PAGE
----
Posted: Nov. 9, 2005


By Celia Cohen
Grapevine Political Writer

The state Senate was droning through its one-day special session Tuesday, sleepwalking through a suffocating list of nominations, when Joseph A. Hurley woke it up in a hurry.

Forty-two nominations already had been considered. Forty-two nominations already had been confirmed unanimously, 21-0, for everything from a new 12-year term for Chief Judge Alex J. Smalls on the Court of Common Pleas to something called the Coastal Zone Industrial Control Board.

Sen. Thurman G. Adams Jr., the Bridgeville Democrat who is the president pro tem, was ready to do the same with the climactic nomination, the one to make Republican Attorney General M. Jane Brady a Superior Court judge, when Hurley was granted time to speak.

Joe Hurley is a noted Wilmington defense attorney, known for his courtroom theatrics, and he was bringing his act to Legislative Hall in Dover. He once tried to play the theme music for "The Godfather" when an unsavory witness took the stand in a corruption trial, until an exasperated judge made him stop it immediately. He was in that sort of mood again.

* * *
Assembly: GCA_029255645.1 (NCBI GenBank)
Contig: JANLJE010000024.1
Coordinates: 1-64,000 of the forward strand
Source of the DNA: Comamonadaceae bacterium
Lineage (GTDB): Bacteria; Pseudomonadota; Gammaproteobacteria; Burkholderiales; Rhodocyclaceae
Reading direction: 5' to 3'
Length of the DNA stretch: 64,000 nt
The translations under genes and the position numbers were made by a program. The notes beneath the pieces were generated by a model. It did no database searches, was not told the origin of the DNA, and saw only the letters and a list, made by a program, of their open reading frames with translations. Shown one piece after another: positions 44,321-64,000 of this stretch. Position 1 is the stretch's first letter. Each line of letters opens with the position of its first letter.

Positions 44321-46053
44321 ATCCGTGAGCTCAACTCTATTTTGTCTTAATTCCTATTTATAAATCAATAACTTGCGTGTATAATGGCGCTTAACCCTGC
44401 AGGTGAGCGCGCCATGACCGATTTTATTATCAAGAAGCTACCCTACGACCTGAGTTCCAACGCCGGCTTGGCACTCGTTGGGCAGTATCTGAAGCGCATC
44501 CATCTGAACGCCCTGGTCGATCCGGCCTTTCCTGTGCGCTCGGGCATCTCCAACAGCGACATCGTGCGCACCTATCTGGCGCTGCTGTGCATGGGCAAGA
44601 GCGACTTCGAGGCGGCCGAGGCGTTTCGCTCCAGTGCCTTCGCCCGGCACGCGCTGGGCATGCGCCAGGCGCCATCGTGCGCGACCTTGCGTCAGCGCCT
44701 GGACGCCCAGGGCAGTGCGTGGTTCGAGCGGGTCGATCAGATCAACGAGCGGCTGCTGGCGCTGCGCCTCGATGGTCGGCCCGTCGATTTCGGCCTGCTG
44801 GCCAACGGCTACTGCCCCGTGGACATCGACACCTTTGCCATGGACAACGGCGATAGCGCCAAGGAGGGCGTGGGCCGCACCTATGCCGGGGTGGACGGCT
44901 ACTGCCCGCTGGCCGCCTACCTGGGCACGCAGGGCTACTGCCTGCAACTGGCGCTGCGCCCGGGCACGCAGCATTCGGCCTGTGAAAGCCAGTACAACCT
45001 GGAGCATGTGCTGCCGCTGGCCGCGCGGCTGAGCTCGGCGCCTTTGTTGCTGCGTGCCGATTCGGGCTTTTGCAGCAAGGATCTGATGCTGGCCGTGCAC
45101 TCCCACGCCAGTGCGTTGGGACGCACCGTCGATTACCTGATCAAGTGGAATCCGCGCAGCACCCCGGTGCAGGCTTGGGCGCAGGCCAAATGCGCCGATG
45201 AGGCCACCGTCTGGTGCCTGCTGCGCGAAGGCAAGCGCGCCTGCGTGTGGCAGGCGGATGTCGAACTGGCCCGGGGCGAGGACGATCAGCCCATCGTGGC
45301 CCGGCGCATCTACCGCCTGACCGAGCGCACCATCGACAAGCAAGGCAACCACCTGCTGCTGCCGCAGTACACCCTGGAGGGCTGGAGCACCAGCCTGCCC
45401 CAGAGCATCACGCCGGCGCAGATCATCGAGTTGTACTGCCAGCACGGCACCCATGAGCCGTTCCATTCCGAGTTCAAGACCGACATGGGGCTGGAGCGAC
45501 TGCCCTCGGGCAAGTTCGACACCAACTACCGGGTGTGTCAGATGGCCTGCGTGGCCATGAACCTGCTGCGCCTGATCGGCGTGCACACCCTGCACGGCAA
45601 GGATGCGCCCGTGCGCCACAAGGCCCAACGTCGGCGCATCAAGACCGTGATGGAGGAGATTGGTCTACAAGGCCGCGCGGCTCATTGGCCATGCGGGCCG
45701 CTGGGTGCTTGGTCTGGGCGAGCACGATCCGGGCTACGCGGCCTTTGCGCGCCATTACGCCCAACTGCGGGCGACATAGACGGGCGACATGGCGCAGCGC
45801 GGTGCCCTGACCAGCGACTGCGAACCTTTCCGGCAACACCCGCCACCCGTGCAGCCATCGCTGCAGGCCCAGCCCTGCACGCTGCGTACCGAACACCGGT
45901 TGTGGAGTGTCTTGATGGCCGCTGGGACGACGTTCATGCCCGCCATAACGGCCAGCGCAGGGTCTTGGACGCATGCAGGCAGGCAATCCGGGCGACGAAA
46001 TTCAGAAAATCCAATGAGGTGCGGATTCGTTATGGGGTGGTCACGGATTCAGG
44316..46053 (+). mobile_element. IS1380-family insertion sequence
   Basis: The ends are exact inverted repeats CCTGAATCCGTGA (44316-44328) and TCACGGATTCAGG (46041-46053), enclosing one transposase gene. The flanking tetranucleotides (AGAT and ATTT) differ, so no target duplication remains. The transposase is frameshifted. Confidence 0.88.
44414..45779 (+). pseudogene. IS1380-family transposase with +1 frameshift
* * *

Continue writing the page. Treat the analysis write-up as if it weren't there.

Hurley wanted the senators to know there was trouble right here in the capital city, and that starts with "T" and it rhymes with "P" and that stands for politics.

He said it was politics, politics! that had Gov. Ruth Ann Minner, a two-term Democrat, choosing Brady over other candidates who did not have such political connections, notably some prosecutors he would have preferred, and the Senate was being asked to go along with it.

"Corruption is corruption, whether it's cash or a deal that violates the rules," Hurley said. "You, this group of honored people, are a casualty, as well. They can't do it without you."

Hurley unfurled a sign, hand-lettered on white poster paper, reading, "Judgeship for sale."

For someone who makes his living persuading juries, Hurley obviously had not thought much about the sort of jurors he was facing in the Senate chamber. They thought politics was a perfectly good way to get a job. They all had.